Leila (name)

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Arabic: [lajlaː,leː-]
Persian: [lejlɒː]
Hebrew: [lɑj.lɑː]
Word/nameSemitic, Persian
Region of originMiddle East
Other names
Related namesLila, Layal

All pages beginning with "Laila"
All pages beginning with "Layla"
All pages beginning with "Leïla"
All pages beginning with "Lejla"

All pages beginning with "Leyla"

Leila (Persian: لیلا‎, Arabic: ليلى‎, Hebrew: לילה) is a feminine given name in the Semitic (Arabic, Hebrew) and Persian languages.

Etymologically the word comes from proto-semitic layl-, which gives לֵילְיָא (lēləyā) in Aramaic, לילה (layla) in Hebrew, لَيْل (layl) or لَيْلَة (layla) in Arabic, and ܠܹܠܝܵܐ (lēlyā) in Syriac.

In Hebrew and Arabic the word Leila or Laila means "night”,[1] and the name is often given to girls born during the night, signifying "daughter of the night".[2]

In Judaism, the identification of the word "night" as the name of an angel originates with the interpretation of "Rabbi Yochanan" (possibly Yochanan ben Zakkai, c. 30–90 AD) who read "At night [Abraham] and his servants deployed against them and defeated them” (Genesis 14.15, JPS) as "by [an angel called] night" (Sanhedrin 96a).

The story of Qays and Layla or Layla and Majnun is based on the romantic poems of Qais Ibn Al-Mulawwah (Arabic: قيس بن الملوح‎) in 7th century Arabia, who was nicknamed Majnoon Layla (مجنون ليلى), Arabic for "madly in love with Layla", referring to his cousin Layla Al-Amiriah (ليلى العامرية).[3] His poems are considered the paragon of unrequited chaste love. They later became a popular romance in medieval Iran,[4] and use of the name spread accordingly. The name gained popularity further afield in the Muslim world, amongst Turkic peoples and in the Balkans and India.Variant spellings include Laela, Laelah, Laila, Layla, Leïla, Leighla, Lejla and Leyla.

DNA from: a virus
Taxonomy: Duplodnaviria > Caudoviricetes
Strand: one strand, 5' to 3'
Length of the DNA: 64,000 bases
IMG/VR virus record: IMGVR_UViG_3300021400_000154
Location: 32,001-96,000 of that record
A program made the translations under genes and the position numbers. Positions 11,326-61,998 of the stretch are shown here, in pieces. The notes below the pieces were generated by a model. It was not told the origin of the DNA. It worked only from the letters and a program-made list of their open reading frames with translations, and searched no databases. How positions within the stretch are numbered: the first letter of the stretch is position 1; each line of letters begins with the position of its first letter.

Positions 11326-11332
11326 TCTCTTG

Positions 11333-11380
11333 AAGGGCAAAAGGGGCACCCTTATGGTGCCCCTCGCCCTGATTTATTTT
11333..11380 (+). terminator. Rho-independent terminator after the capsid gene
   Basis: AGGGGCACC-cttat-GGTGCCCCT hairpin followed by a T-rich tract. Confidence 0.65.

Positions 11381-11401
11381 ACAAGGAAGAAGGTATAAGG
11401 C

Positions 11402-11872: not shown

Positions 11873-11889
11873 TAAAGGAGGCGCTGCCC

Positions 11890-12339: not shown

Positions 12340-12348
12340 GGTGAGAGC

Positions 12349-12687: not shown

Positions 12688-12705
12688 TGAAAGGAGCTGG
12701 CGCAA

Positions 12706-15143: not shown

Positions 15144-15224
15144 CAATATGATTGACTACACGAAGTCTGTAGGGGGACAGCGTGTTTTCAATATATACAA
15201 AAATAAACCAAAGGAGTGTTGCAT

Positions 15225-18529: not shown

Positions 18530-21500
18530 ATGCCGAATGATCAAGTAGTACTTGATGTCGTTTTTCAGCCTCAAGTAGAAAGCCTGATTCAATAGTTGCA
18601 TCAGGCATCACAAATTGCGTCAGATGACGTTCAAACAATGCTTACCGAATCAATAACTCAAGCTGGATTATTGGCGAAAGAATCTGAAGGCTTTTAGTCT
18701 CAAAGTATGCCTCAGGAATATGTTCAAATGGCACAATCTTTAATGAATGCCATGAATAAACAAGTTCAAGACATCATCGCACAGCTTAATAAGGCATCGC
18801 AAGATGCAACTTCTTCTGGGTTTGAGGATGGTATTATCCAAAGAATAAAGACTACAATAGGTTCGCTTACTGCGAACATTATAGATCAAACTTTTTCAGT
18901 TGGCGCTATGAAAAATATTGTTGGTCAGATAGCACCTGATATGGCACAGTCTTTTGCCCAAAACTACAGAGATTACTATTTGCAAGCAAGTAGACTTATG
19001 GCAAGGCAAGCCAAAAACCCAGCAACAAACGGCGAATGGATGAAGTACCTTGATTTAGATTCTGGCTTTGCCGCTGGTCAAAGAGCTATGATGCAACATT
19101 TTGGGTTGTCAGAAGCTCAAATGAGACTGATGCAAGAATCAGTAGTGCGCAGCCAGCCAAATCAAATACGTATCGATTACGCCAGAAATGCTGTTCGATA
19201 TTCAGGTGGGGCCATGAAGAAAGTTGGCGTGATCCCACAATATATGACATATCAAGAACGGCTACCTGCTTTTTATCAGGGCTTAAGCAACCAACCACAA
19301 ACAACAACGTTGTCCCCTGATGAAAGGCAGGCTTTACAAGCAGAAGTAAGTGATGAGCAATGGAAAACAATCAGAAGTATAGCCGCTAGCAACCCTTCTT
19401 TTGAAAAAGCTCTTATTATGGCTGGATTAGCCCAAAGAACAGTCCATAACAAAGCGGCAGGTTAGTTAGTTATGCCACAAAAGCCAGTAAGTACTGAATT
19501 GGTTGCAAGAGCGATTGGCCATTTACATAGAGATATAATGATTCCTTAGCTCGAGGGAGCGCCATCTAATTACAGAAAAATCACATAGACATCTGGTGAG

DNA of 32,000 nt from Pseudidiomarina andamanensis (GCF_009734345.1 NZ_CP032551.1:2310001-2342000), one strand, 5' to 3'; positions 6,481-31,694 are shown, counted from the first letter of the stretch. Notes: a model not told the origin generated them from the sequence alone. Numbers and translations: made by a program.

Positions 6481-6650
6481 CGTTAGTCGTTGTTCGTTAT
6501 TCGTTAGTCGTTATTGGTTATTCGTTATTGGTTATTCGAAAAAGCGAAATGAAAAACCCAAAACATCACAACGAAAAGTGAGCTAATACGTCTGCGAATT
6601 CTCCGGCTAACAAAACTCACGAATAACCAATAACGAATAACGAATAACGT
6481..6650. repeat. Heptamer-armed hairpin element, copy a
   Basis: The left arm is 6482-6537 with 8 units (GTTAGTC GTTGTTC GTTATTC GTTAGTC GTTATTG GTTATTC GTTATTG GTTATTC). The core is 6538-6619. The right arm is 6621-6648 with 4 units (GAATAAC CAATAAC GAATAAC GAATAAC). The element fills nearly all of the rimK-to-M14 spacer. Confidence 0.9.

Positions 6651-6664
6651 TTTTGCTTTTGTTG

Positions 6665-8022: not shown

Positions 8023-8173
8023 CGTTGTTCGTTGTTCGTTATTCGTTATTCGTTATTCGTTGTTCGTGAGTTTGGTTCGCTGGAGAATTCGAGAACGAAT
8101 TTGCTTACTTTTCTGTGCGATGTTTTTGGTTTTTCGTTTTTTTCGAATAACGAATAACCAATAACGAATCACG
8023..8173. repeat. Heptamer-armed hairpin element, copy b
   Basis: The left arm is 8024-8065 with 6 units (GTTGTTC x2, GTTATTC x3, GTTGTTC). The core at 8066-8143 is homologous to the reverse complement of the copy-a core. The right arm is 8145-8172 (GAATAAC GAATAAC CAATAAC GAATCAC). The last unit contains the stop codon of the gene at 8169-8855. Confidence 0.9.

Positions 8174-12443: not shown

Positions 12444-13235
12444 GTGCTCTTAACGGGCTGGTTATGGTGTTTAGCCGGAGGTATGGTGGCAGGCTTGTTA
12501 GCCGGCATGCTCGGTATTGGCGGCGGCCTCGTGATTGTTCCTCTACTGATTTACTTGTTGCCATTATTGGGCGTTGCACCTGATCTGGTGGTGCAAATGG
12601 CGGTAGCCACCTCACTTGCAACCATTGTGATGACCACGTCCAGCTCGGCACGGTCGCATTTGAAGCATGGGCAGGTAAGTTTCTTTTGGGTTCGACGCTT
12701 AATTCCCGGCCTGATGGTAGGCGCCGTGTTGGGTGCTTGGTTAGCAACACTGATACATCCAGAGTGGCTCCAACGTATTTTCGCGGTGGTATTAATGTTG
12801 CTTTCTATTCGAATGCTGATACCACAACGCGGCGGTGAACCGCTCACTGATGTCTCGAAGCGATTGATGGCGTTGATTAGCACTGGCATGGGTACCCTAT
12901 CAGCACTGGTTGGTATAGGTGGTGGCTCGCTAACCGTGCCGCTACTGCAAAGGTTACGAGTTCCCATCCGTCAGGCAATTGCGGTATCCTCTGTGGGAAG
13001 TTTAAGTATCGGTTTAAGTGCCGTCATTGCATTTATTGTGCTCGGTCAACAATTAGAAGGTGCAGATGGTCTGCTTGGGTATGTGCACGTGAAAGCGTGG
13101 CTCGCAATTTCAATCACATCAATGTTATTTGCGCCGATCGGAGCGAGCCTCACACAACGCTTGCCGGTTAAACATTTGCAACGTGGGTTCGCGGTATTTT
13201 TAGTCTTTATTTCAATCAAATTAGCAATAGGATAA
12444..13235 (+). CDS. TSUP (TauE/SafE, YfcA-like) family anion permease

In the Nordic countries, Laila or Lajla (pronounced lie-lah) is derived from the Sami name Láilá, the Sami variant of Helga which means holy.[5]

People with this name[edit]






  • Lejla Hot, Serbian singer of Albanian descent


Film, music and literature[edit]

Fictional and mythological characters[edit]

See also[edit]


  1. ^ https://www.pealim.com/dict/4234-layla/
  2. ^ Verger, Romain (2015-11-02). Zones sensibles (in French). Quidam Editeur. ISBN 9782374910345. Retrieved 2018-09-09.
  3. ^ "'Chronicles of Majnun Layla & Selected Poems': A Different Kind of Crazy". 4 November 2014.
  4. ^ Layla, Behind the Name. Retrieved 12 January 2012.
  5. ^ Láilá, Behind the Name. Retrieved 12 January 2012.